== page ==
Nearly a Dozen States Want to Ban the Teaching of Critical Race Theory in Schools | Inside Edition

Nearly a Dozen States Want to Ban the Teaching of Critical Race Theory in Schools

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Governors in Idaho and Oklahoma recently signed these bills into law.

Nearly a dozen states are working to ban the teaching of critical race theory, an academic concept more than 40 years old that proponents say critically examines the law as it intersects with issues of race and how racism is embedded in legal systems and policies. The laws introduced would restrict how teachers could discuss racism, sexism and other social issues.

The teaching of the academic theory has long been a hot-button issue, especially the implementation of using it to teach grades K-12. A number of state legislatures are debating bills that would prohibit its use in the classrooms, Education Week reported. Legislation that has already been passed in four states— Idaho, Iowa, Oklahoma and Tennessee— seeks to address how teachers discuss slavery in American history and the ongoing effects of racism in the U.S. today, CBS News reported.

Earlier this month, Idaho Governor Brad Little became the first Republican governor to sign into law a bill prohibiting educators from teaching "individuals, by virtue of sex, race, ethnicity religion, color, or national origin, are inherently responsible for actions committed in the past by other members of the same sex, race, ethnicity, religion, color, or national origin,” according to CBS.

Rhode Island in March introduced a proposal that would prevent schools from teaching that Rhode Island or the United States “is fundamentally racist or sexist,” CBS reported. 

However, advocates of the concept say it only illustrates how race must be considered when examining history. Jazmyne Owens of public policy think tank New America told CBS News that the legislation “is really aimed at erasing, and whitewashing American history.”

Saying a Texas bill that just passed in the state's House bans any discussion of privilege and white supremacy, Owens noted: "Protecting education means being honest about the parts of our history that hurt, particularly chattel slavery, and being proactive in ensuring that we end current reproductions of racism and inequity in classrooms and beyond."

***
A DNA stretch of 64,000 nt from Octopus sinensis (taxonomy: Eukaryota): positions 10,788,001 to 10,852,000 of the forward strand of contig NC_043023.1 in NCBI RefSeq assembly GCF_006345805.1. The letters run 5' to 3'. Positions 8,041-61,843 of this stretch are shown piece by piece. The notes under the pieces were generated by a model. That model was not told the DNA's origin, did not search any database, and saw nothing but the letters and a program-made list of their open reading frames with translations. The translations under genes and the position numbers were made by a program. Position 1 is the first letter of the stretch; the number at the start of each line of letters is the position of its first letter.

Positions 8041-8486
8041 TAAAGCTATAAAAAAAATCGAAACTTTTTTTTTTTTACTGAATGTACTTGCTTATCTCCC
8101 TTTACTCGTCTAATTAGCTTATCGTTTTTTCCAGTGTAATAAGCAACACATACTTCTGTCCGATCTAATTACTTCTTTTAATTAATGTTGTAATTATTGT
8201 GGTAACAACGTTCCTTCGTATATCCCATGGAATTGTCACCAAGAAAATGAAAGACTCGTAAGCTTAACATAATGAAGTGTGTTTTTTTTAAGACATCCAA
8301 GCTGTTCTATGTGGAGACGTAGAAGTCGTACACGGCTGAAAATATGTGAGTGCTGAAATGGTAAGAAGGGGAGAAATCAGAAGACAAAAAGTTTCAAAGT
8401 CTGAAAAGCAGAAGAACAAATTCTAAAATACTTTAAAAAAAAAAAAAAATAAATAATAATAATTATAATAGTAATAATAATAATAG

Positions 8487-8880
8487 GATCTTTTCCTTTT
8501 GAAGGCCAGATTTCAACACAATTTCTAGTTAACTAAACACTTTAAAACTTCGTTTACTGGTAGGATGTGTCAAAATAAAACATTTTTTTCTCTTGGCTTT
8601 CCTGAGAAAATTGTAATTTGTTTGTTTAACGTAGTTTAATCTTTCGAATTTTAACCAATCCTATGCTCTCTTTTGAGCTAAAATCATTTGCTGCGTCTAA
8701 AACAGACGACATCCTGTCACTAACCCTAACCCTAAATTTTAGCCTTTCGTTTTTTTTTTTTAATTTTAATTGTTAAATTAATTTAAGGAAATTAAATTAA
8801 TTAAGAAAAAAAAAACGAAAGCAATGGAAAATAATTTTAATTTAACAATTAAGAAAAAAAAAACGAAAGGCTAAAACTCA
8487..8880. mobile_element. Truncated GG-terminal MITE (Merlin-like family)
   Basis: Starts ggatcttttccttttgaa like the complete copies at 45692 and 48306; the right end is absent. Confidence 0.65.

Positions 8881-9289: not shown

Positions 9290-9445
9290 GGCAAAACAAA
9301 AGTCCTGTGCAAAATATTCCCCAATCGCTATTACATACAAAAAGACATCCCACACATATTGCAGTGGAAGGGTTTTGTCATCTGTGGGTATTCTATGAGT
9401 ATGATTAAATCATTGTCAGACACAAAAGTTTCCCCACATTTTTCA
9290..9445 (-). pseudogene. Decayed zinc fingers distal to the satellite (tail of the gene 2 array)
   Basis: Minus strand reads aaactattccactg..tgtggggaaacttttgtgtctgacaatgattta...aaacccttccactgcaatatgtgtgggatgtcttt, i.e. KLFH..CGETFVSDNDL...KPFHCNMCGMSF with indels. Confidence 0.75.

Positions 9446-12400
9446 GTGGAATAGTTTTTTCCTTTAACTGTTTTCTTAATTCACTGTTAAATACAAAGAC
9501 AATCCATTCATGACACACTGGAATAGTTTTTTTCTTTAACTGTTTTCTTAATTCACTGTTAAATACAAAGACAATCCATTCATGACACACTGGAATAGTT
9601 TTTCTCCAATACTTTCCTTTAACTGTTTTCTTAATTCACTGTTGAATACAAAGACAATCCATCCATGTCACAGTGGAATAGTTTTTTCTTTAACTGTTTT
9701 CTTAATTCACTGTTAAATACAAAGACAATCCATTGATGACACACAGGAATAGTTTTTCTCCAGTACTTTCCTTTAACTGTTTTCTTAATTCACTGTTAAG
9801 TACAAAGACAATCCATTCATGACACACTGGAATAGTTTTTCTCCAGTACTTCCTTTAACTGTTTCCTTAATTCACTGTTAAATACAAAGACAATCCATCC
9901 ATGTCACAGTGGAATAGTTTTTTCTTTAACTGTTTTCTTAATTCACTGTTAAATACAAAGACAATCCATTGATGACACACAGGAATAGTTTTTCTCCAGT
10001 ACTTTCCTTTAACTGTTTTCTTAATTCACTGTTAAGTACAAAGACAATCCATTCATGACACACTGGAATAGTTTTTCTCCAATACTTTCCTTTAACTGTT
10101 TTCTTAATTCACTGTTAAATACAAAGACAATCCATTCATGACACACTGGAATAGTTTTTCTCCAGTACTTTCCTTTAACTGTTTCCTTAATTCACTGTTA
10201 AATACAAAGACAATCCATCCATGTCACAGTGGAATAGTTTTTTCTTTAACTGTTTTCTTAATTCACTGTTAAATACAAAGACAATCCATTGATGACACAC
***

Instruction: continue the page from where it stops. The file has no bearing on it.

Critical race theory has previously been criticized by former President Donald Trump, who, while in office, spoke out against the concept and the likes of the 1619 Project, an ongoing initiative from The New York Times Magazine that "aims to reframe the country's history by placing the consequences of slavery and the contributions of Black Americans at the very center of the United States' national narrative."

Trump called them a "crusade against American history toxic propaganda, ideological poison,” and said it would ultimately destroy the country.

Lawmakers in some states have sought to block the teaching of the 1619 Project as well.

Owens told CBS that the critical race theory debate has been around a formal year and Trump “seems to have made it a part of a political agenda, and now the subject of potential legislation,” 

"The federal government can try and set the tone, but it's going to be up to voters and advocates at the state and local levels to ensure those bills do not pass,” Owens said.

In April, President Joe Biden proposed a grant program that would fund a curriculum that revolves around American history and civics education in order to support the development of culturally responsive teaching and learning that would invoke lessons from the 1619 Project. Republican Senator Mitch McConnell opposed the grant program.

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